The ground shook beneath him. As he settled into a reflexive stance, he saw that green crystals, similar to the ones that lined the cavern and provided light, grow up around his uncle, trapping him where he stood. Knowing Uncle was defenseless, Zuko prepared to attack whoever was coming toward them, knowing that both their lives depended on him.

It was Azula, followed by two members of the Dai Li. As his sister approached, he tensed, waiting for her to attack. He knew he couldn't beat his sister alone, and definitely not when she had Dai Li agents as backup. He'd learned that the hard way.

Azula smirked. "I expected this kind of treachery from Uncle, but you Zuko, Prince Zuko, you're a lot of things, but you're not a traitor, are you?"

"Release him immediately!" he told his sister, trying to buy time to understand her statement. Or threat, as the case might well be.

Azula's smirk disappeared. "It's not too late for you Zuko," she coaxed. "You can still redeem yourself."

"The redemption she offers is not for you!" Uncle called out from where he was trapped. Zuko felt, and quickly suppressed a sudden flare of irritation at Uncle's highhanded decision. Hadn't he done enough damage for today? Hadn't his uncle ruined enough opportunities for him already? Then he squashed that thought. This was just like a few months ago when Azula had tempted him with the possibility of going home. He hadn't listened to Uncle then, and had very nearly ended up in chains for it. He wasn't going to make that mistake again.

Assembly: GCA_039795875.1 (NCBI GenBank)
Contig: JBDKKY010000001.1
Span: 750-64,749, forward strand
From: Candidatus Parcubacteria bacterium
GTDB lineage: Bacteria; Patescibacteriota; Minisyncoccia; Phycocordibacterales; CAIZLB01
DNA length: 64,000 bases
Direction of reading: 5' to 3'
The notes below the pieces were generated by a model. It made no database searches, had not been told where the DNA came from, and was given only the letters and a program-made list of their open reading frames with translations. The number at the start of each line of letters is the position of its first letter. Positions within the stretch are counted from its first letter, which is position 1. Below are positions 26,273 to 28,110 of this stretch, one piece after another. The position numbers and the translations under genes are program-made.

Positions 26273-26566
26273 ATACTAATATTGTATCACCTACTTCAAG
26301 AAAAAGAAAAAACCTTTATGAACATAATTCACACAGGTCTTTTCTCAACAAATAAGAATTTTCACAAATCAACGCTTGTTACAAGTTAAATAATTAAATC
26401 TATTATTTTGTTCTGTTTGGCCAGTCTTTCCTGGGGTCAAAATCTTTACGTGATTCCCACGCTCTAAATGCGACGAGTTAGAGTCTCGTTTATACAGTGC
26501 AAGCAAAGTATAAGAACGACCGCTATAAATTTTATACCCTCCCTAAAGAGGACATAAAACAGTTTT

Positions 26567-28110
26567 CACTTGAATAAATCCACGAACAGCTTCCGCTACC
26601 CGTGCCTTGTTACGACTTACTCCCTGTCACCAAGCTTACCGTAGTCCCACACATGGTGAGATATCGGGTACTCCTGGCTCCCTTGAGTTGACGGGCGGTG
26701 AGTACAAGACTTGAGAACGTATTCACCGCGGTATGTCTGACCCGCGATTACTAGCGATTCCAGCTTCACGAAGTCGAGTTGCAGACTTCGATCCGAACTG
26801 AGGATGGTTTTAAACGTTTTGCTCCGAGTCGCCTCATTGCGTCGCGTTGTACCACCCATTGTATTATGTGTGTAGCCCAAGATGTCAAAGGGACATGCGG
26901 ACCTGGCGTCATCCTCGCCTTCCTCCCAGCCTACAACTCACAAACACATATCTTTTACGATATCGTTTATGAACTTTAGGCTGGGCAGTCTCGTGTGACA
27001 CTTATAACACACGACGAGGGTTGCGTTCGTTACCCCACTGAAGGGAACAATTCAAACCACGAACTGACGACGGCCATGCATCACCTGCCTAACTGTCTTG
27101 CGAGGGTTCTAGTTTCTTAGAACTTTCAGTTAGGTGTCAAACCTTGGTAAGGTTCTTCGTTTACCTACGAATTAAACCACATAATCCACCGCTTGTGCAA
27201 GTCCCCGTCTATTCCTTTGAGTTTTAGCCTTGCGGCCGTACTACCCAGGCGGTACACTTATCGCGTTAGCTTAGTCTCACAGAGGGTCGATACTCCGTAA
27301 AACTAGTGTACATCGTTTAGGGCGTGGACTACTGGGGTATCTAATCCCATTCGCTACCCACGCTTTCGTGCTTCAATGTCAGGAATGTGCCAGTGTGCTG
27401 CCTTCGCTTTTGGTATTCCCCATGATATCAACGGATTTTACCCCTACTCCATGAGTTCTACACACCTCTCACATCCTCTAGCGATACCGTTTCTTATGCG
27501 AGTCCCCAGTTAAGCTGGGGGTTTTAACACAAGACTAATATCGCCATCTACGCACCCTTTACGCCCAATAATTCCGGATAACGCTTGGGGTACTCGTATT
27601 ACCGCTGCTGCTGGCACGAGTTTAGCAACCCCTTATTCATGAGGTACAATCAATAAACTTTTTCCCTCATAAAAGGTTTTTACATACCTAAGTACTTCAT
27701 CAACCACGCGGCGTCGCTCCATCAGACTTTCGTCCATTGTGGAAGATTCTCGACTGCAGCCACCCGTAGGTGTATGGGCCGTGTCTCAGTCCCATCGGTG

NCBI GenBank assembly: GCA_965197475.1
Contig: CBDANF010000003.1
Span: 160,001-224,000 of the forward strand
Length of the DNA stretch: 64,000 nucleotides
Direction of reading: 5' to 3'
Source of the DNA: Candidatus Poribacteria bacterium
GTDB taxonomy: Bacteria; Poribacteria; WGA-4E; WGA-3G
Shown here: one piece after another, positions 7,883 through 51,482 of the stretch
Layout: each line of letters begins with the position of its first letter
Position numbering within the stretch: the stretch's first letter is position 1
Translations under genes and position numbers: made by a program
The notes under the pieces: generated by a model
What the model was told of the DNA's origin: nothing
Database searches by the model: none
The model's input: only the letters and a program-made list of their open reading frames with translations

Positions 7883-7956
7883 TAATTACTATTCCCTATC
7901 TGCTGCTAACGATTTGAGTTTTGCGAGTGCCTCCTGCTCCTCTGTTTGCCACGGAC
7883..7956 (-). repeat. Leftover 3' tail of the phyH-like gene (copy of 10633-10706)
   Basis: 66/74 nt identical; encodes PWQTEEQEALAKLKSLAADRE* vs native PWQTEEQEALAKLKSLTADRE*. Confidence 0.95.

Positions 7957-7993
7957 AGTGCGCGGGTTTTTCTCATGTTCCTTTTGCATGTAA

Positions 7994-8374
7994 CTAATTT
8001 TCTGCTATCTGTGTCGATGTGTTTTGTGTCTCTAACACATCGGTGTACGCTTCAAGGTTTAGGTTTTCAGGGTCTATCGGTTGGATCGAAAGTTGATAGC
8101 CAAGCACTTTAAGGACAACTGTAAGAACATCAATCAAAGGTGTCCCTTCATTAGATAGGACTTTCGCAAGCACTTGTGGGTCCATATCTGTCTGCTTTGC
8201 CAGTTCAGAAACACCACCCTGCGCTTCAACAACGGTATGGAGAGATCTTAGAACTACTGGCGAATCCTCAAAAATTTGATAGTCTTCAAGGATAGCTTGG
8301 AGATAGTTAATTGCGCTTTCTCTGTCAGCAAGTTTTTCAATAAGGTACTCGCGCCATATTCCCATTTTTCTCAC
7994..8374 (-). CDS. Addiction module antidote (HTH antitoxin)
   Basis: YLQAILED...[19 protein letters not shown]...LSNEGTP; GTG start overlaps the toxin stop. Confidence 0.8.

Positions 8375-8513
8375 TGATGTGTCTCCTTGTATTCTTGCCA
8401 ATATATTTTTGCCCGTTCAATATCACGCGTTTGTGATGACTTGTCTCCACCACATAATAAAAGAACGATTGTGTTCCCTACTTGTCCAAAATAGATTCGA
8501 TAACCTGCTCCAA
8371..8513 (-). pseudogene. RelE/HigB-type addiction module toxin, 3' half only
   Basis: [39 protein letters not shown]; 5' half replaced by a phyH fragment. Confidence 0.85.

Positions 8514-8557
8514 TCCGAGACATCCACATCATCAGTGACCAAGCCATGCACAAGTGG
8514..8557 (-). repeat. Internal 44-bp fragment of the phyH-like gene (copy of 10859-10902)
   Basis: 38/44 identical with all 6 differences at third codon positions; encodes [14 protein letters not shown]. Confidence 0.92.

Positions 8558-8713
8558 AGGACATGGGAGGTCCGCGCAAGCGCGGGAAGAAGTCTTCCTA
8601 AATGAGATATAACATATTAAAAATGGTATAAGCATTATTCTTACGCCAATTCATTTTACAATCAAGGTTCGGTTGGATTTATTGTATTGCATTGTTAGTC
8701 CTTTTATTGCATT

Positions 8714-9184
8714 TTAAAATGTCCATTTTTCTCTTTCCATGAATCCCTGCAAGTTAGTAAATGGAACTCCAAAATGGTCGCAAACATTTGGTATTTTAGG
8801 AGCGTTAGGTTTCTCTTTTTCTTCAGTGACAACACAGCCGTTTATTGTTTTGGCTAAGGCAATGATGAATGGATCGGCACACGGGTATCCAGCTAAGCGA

Azula cast a dismissive glance toward their uncle. "Why don't you let him decide, Uncle, hmmm?" she turned back to Zuko. Her golden eyes fairly glowed with sincerity. "I need you Zuko. I've plotted every move this day. This glorious day in Fire Nation history. And the only way we can win is together." She sweetened the pot. "At the end of this day, you will have your honor back. You will have Father's love. You will have everything you want."

He wanted to believe her. He wanted to. He could hear Uncle pleading with him, begging him not to believe his sister. He didn't know where to turn, or what to choose. He didn't know.

"You are free to choose." Azula said matter-of-factly, walking off. Vaguely, he realized that the Dai Li agents had left, that he and Uncle were alone again.

"Zuko…"his uncle whispered.

Zuko couldn't think. Couldn't think, couldn't move, couldn't breathe, couldn't choose. He sat down, ignoring his uncle, trying to move past the roaring in his ears long enough to think. Uncle was always telling him to think things through before he acted, wasn't he?

On one hand, there was Azula. Who lied to him and misled him so often that it was better to assume she lied about everything than to accept anything she said as truth. He knew that.

On the other hand, there was the prospect of returning home. Of seeing the Fire Nation again. Of tasting all the foods he'd missed during his exile, of having his father actually appreciate him for once. If he took Azula's offer, he could have all of that, all of that and more.

If he didn't… well, he'd grown up at Court. He knew how to read between the lines. What wasn't said was often more important that what was. And what Azula hadn't said was that if he didn't help her now then he could say goodbye to ever seeing the Fire Nation again, even if he did by some miracle manage to capture the Avatar. If he didn't aid his sister now, then all his efforts during those long years of exile would have been in vain.

Suddenly stiflingly hot, he ripped off his over robe, tossing the material into a corner like so much trash. That was when the sound of fighting reached him, the crash of fire blasts, the rumble of earthbending, and the roar of water being flash-boiled away. He didn't have any more time to choose. He raced down the tunnel, deaf to his Uncle's pleas for him to stop.